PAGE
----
Germany, Brexit and the Future of the European Union
Charles Lees & Philip Walters
20 July 2017
Politics and Society in Germany
The Federal Republic of Germany comprises the eleven states of the former West Germany and the five states of the former East Germany. Its political system has two important features: parliamentary federalism and mixed-member proportional representation (MMP). A federal parliamentary republic is a federation of states with a government that is more or less dependent on the confidence of parliaments at both the national and subnational levels. MMP is a mixed electoral system in which voters have two votes: one to decide the representative for their single-seat constituency, and one for a political party’s ‘list’ of candidates. Seats in the legislature are filled firstly by the successful constituency candidates, and secondly by party candidates on the basis of the percentage of nationwide votes that each party receives. MMP differs from parallel voting in that the nationwide seats are allocated to political parties in a compensatory manner in order to achieve proportional election results. Under MMP, two parties that each receive 25% of the votes may both end up with 25% of the seats, even if one party wins more constituencies than the other.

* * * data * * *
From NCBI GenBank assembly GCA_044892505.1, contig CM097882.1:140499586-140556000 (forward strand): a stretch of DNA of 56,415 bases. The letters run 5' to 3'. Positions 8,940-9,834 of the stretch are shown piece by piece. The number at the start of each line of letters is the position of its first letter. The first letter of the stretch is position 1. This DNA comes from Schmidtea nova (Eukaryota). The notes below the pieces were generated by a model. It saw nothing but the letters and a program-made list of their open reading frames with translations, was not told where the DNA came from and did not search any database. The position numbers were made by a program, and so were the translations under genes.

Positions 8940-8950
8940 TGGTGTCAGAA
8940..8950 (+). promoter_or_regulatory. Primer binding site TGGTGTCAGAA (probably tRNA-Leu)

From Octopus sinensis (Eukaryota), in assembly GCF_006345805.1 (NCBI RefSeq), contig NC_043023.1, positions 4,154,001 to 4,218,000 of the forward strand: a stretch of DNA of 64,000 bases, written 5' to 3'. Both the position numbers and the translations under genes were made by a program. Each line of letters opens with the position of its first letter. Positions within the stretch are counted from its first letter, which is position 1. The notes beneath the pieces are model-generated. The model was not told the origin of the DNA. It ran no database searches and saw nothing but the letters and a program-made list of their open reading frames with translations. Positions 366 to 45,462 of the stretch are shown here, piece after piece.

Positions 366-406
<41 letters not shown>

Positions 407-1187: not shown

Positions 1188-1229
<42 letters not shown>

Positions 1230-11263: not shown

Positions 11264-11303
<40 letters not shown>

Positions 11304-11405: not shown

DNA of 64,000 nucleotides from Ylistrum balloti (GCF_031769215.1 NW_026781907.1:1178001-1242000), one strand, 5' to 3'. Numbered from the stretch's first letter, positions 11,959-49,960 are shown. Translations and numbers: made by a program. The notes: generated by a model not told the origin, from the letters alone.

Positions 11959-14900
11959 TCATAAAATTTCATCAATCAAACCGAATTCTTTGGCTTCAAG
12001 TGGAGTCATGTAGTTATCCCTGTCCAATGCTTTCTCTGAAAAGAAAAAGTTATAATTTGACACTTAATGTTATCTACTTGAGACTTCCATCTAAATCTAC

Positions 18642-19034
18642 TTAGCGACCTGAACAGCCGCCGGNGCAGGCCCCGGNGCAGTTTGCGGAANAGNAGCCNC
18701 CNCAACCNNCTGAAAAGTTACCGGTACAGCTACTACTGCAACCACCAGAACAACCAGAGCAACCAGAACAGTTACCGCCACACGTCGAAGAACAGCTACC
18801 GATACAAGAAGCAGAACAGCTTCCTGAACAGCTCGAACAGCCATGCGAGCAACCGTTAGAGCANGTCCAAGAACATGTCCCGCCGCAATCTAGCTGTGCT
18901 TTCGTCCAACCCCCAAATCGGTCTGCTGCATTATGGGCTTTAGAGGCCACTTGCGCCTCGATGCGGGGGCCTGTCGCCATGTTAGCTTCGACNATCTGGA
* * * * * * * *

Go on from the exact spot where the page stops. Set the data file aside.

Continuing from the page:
The political system that developed in Germany after the Second World War was a three-party central-tending triangular dynamic involving the CDU/CSU, the SPD and the FDP, which were been more or less equal in political influence if not seats. This political system was somewhat upset after 1983 when the Greens became significant, and in 1990 with the emergence of the left-leaning PDS (the direct successor to the East German SED and later to become the Left Party) after the reincorporation of the GDR. Over the last 20 years Germany has become much more of a cosmopolitan and multicultural society. The 2011 census gave the population of Germany as 80.2 million. About 74 million (92.3%) were German citizens, of whom 9.9 million (12.3%) were of immigrant background. About 6 million (7.7%) were foreign nationals. The figures for religious belief were: none 33.5%; Roman Catholic 29.5%; Protestant 27.9%; Muslim 5%; other Christian 3.3%; other religion 0.8%. Social cleavages persist to differing degrees in Germany along ethnic, onfessional, class and geographical lines, accompanied by a cultural divide between citizens with libertarian or authoritarian value orientations. Nevertheless the German political culture is still basically consensual, as opposed to the UK’s adversarial political culture. A stable party system, a relatively consensual parliamentary culture, coalition government and multi-level governance, in the context of a social market economy, make up what has been called Germany’s ‘efficient secret’ (Smith 1994).Continue reading “Germany, Brexit and the Future of the European Union”